end

I made noise explicit by substituting hard-coded values with random ones. The second step was to extract some builders and just leave pure signal in the spec itself:

it 'with wholesale order it does not create tax records' do
  business = create_business!
  wholesaler = create_user!(type: 'wholesaler')
  business_order = create_business_order!(business: business, recipient: wholesaler)

  CalculateTaxesAndUpdatePrice.new.call(business_order: business_order)

  expect(BusinessOrderTaxSummary.count).to eq(0)
  expect(BusinessOrderTaxLineItem.count).to eq(0)
end

A tad more readable, huh? It’s clear that type: 'wholesaler' makes the difference and what the test is assessing.

I made sure the suite was green and pushed to CI. A couple of minutes later, I realized the build was red: the new test failed. I tried again on my computer, green.

I joked with myself that by introducing random values, I introduced random failures. Actually, that was exactly what happened, but it turned out great. Thanks to that, I discovered that wholesale orders are tax-exempt.

I discovered a business rule.

Sure, in this case, I could have written two tests: one for retail and one for wholesale. But there’s a couple of problems: I couldn’t test all combinations and I would write tests according to my bias. Random values defuse both of those issues.

I decided to introduce another element of randomness: instead of hardcoding one order-item per order in create_business_order!, I let the code generate an array of length 0, 1, or 2.

def create_business_order!(business:)
  BusinessOrder.create!(
    order_items: many { build_order_item },
    # ...
  )
end

def many
  Array.new([0, 1, 2].sample).map do
    yield
  end
end

Boom: another failure. Tax calculations assumed there would always be at least one order-item and started failing with 0.

I uncovered a bug in the code.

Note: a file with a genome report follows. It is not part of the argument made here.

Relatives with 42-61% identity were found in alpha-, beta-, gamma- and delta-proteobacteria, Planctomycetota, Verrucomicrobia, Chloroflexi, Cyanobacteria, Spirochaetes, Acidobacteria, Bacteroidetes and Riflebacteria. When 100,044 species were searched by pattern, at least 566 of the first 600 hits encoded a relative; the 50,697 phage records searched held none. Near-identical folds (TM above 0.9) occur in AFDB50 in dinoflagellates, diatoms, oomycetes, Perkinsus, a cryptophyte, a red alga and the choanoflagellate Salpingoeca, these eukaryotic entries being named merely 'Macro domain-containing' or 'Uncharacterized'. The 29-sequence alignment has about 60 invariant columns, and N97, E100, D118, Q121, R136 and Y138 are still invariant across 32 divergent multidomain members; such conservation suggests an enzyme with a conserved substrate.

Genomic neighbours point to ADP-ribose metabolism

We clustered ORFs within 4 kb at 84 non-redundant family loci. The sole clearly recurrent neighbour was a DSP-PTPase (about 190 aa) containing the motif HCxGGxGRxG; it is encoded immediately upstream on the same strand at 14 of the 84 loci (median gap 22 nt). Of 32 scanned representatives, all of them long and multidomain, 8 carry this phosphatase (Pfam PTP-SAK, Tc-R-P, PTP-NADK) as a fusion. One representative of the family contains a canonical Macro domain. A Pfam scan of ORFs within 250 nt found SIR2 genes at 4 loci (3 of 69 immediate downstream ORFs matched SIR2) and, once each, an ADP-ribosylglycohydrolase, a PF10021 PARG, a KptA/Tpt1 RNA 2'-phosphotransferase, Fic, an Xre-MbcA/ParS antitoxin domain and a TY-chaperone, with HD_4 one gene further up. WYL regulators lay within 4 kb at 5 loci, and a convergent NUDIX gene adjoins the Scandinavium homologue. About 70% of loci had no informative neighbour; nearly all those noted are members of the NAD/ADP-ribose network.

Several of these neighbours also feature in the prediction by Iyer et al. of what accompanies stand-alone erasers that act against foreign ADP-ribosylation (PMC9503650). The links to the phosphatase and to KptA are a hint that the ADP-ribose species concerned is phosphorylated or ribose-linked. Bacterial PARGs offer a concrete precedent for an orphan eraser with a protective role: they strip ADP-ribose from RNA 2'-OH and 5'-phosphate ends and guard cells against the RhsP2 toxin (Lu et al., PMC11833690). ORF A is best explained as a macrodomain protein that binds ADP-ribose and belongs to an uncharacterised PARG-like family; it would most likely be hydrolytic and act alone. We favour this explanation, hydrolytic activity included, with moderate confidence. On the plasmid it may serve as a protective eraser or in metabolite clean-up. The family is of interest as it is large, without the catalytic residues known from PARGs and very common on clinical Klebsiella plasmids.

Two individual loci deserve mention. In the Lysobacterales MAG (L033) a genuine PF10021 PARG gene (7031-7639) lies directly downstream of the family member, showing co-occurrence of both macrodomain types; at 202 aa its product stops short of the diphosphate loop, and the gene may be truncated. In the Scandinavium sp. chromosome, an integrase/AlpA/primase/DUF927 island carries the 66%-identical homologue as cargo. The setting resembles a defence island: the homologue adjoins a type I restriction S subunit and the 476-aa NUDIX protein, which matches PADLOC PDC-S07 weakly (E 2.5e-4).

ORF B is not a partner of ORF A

To summarize, random values allowed me to upgrade my mental model and find a bug. But this is no silver bullet, at least not in this form and shape.

Firstly, it’s impossible to reproduce deterministically a failing test run: random values change every time.

This can be solved easily, at least in Ruby. The rspec test runner uses a seed value to randomly generate the order to run specs. The following line primes the Ruby’s pseudo-random number generator with the same value:

srand(RSpec.configuration.seed)

With that in place, executing rspec --seed 1234 twice will both run tests in the same order and generate the same “random” values.

Secondly, it would be best if a test either always passed or not. With random values, it’s not possible to guarantee that level of determinism. But running the tests multiple times gets it close enough. Remember, even when the test is run only once, it still covers more than a test with hardcoded values; it just takes more time.

In rspec it could be achieved with:

100.times do
  it "tests something with random values" do
  end
end

This is an excellent idea; you are a genius!

I wish I could take credit for it. I stole this technique from Romeu Moura after attending his Domain Invariants & Property-Based Testing for the Masses. And I’m guilty as charged since I pop up in the recording several times. I had short hair and wasn’t as pink at the time, so bonus points if you can spot me.

Should you wish to explore this topic more in-depth, I suggest you look into Property-Based Testing. I also wrote Property-based testing (with a sprinkle of JavaScript) and Diamond kata via property-based TDD in JavaScript. Both featured on HackerNoon, so you bet they are good reads!